τῇ προσευχῇ προσκαρτερεῖτε γρηγοροῦντες ἐν αὐτῇ ἐν εὐχαριστίᾳ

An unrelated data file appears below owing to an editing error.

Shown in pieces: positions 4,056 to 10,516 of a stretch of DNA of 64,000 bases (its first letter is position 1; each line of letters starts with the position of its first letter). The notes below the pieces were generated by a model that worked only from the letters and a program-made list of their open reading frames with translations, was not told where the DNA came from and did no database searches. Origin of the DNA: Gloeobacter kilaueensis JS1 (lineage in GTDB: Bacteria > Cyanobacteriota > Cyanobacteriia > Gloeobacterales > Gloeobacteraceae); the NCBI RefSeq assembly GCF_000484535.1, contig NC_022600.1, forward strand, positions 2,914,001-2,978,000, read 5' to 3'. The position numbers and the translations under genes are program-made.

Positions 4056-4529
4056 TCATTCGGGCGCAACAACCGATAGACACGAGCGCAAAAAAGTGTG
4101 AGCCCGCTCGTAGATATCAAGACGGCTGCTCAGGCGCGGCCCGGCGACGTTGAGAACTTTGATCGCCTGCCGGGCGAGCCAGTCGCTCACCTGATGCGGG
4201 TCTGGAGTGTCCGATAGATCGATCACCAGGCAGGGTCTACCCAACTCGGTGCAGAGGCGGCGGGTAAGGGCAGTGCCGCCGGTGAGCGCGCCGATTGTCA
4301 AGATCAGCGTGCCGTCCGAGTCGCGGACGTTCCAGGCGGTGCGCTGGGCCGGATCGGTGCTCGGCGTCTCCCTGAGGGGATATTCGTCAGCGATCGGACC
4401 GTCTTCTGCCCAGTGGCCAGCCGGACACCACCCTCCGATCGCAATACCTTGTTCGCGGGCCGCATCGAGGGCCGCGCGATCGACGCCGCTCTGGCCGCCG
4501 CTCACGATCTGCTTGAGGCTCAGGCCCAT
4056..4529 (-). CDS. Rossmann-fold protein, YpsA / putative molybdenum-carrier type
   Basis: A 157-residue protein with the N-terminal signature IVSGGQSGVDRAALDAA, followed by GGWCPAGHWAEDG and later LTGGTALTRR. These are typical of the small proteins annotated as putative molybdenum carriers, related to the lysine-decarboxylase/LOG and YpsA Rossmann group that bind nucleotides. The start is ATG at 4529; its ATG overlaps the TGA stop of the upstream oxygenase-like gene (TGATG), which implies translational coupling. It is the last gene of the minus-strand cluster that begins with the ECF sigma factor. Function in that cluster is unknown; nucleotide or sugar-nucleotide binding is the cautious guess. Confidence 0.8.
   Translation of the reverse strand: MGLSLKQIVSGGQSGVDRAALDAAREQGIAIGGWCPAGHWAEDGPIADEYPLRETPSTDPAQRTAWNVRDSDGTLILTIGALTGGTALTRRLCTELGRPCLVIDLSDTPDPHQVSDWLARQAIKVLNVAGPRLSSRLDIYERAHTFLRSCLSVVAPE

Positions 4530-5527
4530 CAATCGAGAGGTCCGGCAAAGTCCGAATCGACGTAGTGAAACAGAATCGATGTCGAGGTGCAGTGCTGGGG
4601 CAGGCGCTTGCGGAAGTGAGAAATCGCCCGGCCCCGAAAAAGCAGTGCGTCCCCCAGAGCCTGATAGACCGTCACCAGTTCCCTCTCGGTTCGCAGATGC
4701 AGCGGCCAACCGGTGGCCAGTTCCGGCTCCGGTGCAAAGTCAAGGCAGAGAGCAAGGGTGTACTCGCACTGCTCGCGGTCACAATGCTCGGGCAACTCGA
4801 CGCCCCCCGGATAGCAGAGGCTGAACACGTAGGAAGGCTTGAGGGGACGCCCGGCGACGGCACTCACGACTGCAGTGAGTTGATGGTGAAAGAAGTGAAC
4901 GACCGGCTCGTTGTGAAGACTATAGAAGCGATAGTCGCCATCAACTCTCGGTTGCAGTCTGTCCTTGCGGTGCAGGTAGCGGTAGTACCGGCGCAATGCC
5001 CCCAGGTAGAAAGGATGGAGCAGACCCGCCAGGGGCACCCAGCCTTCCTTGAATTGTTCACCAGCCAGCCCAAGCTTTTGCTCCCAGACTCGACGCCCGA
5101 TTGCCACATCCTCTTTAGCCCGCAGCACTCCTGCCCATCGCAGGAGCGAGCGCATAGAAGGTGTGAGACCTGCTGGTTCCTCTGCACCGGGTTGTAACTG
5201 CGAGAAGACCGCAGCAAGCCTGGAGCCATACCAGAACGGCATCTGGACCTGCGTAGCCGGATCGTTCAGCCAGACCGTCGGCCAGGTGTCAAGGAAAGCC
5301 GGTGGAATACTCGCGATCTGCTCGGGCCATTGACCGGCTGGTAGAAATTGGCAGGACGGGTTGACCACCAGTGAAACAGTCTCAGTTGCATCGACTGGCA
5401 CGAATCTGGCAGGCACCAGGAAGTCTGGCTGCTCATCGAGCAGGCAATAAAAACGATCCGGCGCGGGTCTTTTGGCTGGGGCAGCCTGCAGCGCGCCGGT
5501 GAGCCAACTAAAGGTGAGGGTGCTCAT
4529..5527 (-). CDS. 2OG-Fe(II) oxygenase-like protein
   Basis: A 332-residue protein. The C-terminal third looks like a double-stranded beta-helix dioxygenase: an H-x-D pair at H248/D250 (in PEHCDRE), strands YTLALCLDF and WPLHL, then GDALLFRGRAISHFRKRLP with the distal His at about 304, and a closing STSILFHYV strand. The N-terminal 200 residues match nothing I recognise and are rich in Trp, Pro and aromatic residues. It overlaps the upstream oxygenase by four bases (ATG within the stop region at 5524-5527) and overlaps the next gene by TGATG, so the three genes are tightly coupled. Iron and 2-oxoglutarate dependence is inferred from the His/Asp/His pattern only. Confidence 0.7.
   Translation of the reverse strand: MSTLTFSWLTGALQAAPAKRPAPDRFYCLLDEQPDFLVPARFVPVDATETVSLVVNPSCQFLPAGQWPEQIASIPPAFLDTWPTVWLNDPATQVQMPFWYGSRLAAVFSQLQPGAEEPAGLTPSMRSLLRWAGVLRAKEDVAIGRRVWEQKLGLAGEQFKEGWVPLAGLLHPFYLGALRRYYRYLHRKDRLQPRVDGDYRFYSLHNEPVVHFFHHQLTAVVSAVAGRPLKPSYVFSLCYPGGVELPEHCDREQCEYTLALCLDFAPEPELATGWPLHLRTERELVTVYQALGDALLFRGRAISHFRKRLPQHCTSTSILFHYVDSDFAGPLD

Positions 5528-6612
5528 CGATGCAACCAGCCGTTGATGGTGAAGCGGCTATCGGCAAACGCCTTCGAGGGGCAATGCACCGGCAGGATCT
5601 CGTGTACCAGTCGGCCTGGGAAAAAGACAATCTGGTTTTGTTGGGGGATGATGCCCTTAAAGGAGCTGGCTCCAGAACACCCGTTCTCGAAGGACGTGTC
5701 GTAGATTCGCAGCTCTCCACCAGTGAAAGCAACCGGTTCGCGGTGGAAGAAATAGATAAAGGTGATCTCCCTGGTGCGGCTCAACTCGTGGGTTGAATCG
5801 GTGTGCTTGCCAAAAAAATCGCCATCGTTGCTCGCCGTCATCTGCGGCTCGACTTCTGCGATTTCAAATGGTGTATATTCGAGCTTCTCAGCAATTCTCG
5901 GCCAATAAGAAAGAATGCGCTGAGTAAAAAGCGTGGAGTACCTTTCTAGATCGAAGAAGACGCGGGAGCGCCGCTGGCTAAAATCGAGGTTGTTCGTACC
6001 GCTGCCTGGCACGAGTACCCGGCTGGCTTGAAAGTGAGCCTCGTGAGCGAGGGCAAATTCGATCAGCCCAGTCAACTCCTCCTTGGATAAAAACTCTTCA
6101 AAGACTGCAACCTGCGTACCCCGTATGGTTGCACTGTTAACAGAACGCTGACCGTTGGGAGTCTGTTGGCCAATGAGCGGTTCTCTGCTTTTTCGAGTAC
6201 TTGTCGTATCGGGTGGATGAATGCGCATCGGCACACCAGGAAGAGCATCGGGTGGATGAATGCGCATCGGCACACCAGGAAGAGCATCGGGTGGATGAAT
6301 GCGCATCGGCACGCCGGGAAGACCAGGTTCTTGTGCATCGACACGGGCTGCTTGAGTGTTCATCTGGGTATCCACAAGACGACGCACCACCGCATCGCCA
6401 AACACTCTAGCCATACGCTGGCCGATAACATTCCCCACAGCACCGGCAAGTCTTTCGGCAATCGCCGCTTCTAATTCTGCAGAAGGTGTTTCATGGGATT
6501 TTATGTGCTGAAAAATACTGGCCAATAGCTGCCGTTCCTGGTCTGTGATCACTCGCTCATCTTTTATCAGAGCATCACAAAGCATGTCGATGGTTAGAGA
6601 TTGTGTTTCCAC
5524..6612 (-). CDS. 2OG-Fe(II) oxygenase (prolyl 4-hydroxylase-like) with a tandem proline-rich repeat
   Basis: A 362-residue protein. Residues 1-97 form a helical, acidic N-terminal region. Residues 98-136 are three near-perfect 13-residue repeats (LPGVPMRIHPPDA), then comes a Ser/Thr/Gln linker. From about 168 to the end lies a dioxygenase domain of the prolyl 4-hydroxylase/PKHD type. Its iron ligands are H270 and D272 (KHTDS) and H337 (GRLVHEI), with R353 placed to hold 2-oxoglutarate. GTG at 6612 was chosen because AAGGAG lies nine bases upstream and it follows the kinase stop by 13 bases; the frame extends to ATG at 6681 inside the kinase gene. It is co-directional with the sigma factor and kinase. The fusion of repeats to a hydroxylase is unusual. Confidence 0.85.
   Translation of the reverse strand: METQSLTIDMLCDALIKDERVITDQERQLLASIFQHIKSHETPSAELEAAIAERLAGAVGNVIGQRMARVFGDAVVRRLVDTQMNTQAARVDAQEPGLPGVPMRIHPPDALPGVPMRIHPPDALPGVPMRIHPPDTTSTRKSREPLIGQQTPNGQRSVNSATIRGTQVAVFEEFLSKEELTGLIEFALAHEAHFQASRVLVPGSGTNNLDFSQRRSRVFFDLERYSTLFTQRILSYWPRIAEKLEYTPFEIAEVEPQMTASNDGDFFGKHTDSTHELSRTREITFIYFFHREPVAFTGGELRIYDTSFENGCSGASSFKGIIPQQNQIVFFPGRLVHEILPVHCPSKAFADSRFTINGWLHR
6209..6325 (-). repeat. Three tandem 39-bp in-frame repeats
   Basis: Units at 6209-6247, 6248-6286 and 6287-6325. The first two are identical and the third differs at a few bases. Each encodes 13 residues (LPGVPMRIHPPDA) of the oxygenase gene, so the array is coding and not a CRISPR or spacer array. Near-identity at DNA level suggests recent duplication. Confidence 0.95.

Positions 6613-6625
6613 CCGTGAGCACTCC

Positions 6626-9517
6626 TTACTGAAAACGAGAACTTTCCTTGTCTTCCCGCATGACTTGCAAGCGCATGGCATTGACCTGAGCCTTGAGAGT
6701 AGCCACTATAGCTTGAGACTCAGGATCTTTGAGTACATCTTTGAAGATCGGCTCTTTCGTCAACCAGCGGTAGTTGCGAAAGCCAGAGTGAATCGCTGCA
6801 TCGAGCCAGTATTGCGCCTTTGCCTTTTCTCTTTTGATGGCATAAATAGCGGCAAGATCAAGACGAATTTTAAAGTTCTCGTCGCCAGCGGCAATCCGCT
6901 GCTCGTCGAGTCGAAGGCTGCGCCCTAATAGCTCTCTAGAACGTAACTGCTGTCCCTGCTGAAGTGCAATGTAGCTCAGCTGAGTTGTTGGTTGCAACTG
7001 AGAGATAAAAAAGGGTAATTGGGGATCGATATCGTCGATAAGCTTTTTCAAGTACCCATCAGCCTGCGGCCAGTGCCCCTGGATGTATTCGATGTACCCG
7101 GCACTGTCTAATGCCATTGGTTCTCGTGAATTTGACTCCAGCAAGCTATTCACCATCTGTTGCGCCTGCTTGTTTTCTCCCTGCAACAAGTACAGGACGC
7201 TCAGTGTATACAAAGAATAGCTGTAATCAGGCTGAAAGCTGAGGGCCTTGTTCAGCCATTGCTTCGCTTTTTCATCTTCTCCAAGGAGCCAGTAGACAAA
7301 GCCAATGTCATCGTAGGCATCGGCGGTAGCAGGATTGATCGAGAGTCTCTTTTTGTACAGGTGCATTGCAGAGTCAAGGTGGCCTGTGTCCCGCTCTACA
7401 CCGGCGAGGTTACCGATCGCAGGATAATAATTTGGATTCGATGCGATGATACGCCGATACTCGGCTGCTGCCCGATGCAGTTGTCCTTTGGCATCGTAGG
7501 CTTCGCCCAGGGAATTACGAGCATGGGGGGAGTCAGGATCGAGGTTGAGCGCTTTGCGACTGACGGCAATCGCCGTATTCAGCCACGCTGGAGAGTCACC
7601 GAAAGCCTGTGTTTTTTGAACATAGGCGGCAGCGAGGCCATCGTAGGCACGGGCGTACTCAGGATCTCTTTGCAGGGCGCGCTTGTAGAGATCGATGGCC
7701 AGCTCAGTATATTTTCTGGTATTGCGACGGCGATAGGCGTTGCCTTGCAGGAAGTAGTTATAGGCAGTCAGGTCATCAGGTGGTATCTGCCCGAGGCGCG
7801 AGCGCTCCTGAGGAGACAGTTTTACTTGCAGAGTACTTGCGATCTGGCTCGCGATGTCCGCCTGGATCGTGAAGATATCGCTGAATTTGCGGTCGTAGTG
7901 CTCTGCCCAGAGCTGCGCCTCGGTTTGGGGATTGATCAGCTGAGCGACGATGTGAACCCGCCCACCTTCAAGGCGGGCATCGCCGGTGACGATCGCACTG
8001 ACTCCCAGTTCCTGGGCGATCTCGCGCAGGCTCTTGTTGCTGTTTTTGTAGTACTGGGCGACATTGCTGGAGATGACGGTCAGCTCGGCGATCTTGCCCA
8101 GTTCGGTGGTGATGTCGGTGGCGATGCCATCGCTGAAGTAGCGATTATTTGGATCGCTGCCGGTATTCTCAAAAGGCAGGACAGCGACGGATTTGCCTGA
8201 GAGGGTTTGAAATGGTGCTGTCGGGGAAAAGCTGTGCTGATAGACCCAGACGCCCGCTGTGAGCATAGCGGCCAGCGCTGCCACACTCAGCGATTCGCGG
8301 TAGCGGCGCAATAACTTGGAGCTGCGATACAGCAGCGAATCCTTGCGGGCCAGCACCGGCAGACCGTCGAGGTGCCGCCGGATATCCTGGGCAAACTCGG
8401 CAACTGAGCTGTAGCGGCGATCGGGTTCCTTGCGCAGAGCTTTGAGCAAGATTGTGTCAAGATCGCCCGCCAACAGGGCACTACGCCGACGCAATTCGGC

Working on Colossians today, I followed my usual pattern of trying to do as much exegetical work as possible without consulting the commentaries. When I got to the word highlighted above, keeping alert; being watchful, I didn't realise that I would depart from many of the major commentaries. I take it to refer to being watchful or alert in prayer, and this with thanksgiving. But most commentators take it as a reference to the eschaton, or the immenent return of Christ (So Moo, O'Brien, Dunn, et. al.). While Moo is right that this term refers often (12 out of 22 times) in eschatological contexts, I'm not convinced that this is the referrent here. Given the context of Colossians 4, I would suggest that it refers to being aware of God speaking, or doing something in response to the devoted prayers of his people. Besides, Paul only uses the word 4 times, and only in 1 Thess 5 is the context eschatological. The reference in 1 Cor 16:13 is clearly not. So can we can extrapolate from one word, to an eschatological context? For this word to be a "catch-word", we would have to assume a strong awareness of the Jesus traditions of Matt 25 and Mark 13 where this word is used. Is this plausible? I can't imagine the Colossians listening to this message and jumping to an eschatological interpretation based on the memory of Jesus tradition, so if this is what Paul meant, he is being exceptionally vague. Rather, this must refer to being aware of God's Spirit moving in the congregation in response to the prayers of His people - similar perhaps to 1 Thess 5:16-22 (on this passage see Witherington's commentary, which links prayer and praise to prophecy which would then possibly answer the prayers and cause further praise). Does this make sense? Have I missed something?